Report says Marlins pitcher was at helm in fatal Miami crash

Miami Marlins pitcher Jose Fernandez was operating his speeding boat while under the influence of alcohol when it crashed into a jetty.
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Miami Marlins pitcher Jose Fernandez was operating his speeding boat while under the influence of alcohol when it crashed into a jetty off the coast of Miami Beach last September, killing the 24-year-old All-Star player and his two passengers, investigators concluded.

The vessel was traveling at more than 65 miles an hour and Fernandez was over the legal limit for alcohol and had evidence of cocaine in his system when his boat crashed while traveling at more than 65 miles an hour, the Sun-Sentinel newspaper said, citing a report issued today by the Florida Fish and Wildlife Conservation Commission.

“Fernandez operated the [vessel] with his normal faculties impaired, in a reckless manner, in the darkness of night, in an area with known navigational hazards such as the rock jetties and channel markers,” the newspaper cited the report saying in its conclusion.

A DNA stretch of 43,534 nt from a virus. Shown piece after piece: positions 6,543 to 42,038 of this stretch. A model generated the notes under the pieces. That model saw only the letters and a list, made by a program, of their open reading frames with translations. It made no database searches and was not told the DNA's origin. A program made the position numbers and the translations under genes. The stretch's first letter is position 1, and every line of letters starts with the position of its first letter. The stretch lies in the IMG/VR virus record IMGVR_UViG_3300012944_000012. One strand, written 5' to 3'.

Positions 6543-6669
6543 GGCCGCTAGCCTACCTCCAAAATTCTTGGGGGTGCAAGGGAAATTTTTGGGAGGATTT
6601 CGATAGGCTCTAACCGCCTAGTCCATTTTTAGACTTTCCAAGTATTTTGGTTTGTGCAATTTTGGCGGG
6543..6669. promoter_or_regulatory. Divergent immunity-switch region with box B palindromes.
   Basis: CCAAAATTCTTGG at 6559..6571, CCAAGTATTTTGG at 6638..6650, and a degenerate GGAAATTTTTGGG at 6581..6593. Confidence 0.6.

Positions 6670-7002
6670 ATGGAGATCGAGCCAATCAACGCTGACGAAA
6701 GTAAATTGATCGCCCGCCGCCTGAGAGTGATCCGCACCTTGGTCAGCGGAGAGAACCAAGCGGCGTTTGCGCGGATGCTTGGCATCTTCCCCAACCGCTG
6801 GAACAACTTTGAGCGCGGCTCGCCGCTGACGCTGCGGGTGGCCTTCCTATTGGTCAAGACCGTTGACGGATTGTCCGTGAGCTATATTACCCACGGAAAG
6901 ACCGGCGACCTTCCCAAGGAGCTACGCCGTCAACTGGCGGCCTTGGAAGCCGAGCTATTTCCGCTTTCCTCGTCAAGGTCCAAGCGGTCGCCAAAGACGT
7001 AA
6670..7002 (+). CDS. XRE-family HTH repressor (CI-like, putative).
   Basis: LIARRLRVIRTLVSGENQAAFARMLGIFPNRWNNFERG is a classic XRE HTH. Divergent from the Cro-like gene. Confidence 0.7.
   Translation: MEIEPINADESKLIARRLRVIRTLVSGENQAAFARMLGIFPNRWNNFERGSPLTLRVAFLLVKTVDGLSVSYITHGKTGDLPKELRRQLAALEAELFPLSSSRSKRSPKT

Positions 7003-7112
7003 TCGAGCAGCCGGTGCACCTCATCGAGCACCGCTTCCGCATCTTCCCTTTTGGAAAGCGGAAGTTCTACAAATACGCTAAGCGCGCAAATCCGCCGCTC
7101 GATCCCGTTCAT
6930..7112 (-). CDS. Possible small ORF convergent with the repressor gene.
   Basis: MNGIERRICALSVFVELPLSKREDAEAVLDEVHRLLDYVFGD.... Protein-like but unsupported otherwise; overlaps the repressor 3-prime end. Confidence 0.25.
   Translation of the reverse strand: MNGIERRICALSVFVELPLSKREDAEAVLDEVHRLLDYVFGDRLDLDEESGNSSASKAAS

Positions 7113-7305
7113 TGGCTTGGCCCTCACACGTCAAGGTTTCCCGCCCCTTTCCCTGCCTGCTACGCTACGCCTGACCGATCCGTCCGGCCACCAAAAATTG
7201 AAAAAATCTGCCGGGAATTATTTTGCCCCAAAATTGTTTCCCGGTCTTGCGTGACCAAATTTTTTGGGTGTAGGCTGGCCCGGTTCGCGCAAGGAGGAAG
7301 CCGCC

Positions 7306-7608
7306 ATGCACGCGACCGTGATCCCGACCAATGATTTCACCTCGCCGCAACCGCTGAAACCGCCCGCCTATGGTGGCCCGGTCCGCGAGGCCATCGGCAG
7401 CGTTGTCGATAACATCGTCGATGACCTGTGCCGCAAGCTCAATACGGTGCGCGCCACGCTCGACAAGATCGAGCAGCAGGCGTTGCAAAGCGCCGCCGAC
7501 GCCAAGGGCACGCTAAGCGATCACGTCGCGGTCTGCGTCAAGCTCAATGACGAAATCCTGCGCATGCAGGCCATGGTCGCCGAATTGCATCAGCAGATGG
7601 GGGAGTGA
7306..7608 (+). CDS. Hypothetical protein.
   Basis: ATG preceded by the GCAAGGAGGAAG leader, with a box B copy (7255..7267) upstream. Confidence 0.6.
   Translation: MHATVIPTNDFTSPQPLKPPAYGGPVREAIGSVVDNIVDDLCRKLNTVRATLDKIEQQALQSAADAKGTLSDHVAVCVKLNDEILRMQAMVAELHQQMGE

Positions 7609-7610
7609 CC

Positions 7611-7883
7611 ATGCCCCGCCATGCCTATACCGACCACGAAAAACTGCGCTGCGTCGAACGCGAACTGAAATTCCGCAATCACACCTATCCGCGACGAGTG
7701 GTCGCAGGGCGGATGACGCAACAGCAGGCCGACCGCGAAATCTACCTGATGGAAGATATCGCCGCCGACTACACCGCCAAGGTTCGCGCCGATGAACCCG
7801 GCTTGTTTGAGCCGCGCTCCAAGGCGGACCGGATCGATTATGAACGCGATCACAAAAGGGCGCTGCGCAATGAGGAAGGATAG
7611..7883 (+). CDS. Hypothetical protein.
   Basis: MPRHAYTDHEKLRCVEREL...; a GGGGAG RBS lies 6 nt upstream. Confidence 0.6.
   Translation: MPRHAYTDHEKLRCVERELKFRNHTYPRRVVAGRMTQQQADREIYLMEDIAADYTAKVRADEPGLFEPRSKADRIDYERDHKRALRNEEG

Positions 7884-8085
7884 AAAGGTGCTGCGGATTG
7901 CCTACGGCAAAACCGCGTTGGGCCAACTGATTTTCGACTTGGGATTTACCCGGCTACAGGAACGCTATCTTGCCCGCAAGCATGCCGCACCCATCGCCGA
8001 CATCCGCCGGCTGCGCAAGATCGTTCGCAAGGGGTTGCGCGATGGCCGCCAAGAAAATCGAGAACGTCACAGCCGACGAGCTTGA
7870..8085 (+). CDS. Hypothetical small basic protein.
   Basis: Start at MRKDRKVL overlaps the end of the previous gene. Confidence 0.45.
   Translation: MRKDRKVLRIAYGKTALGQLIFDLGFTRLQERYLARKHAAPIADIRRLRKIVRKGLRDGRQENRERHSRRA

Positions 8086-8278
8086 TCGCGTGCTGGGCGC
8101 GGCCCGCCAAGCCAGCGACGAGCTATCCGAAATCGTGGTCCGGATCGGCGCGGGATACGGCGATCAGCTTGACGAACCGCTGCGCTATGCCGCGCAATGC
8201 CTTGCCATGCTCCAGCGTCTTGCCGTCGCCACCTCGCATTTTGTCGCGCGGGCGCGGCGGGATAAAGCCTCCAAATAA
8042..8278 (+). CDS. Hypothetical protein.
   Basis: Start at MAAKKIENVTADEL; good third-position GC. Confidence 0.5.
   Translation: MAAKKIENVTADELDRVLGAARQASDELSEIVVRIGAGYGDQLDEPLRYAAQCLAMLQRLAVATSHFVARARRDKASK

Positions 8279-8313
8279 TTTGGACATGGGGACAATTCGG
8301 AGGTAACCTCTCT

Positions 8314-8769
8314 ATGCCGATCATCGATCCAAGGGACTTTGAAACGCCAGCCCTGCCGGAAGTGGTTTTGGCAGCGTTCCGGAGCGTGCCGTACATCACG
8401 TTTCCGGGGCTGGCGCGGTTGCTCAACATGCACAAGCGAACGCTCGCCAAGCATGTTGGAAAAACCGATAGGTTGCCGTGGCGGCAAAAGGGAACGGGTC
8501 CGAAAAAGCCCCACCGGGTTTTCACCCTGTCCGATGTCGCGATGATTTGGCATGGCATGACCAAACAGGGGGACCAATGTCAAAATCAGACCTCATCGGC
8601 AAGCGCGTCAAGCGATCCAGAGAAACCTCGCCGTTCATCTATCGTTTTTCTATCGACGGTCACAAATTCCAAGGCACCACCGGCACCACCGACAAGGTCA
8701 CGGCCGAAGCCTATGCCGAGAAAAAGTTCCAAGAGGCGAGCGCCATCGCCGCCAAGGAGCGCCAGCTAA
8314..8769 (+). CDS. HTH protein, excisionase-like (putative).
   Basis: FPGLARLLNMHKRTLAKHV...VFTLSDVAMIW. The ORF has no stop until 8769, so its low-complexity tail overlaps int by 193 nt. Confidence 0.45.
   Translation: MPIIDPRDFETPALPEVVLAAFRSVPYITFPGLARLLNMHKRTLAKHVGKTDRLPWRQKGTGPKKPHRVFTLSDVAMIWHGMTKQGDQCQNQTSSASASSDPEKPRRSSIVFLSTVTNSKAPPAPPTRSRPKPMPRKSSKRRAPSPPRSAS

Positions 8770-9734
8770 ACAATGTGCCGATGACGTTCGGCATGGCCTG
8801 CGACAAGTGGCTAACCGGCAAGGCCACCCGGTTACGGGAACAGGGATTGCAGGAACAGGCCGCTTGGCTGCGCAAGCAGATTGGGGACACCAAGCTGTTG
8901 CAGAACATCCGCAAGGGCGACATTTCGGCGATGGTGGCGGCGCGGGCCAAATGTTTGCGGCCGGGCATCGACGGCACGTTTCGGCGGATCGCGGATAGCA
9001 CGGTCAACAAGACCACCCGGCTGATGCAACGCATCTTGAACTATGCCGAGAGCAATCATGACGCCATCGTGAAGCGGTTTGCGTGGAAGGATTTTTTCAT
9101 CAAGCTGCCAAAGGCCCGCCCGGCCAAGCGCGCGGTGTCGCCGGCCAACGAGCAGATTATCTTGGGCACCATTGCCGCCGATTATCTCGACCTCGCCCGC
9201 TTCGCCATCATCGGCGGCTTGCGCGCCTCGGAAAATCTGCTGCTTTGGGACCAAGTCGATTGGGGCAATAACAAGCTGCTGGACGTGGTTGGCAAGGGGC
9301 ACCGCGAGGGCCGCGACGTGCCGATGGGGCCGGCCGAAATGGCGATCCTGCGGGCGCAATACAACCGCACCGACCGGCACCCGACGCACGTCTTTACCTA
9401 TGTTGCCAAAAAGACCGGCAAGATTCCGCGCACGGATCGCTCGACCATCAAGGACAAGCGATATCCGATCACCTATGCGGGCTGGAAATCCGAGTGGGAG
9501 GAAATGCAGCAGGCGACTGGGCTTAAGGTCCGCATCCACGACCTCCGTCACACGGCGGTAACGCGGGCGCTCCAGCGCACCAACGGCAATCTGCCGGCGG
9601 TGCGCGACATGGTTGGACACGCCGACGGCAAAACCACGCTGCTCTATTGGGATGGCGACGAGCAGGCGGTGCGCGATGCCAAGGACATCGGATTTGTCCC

Fernandez, along with Jesus Macias, 27, and Eduardo Rivero, 25, died when the 32-foot center console Sea Vee Kaught Looking slammed into the north jetty at Government Cut off Miami Beach about 3 a.m. on Sept. 25.

Prior to the crash the trio had been at a bar, American Social Bar & Kitchen, along the south bank of the Miami River, near Brickell Avenue in downtown Miami.

“We want to emphasize that this accident was a tragedy for all concerned,” said a statement from Christopher Royer, a lawyer at Krupnick Campbell, which represents the survivors of Macias and Rivero.

“Though fault has been determined officially, the families of Emilio and Eduardo are not vindictive and simply hope that an amicable settlement of the lawsuit can be reached between the parties as swiftly as possible so as not to prolong the final closure for the many people who have been impacted.”

The death of the Cuban-born Fernandez rocked the baseball world and South Florida’s Cuban community, where he was especially beloved. He survived a raft voyage to get to the United States, and his charisma and enthusiasm for baseball and life made him a local hero.

Just days before his death, Fernandez announced that he and his girlfriend, Maria Arias, were expecting a child. The baby, Penelope, was born Feb. 24.

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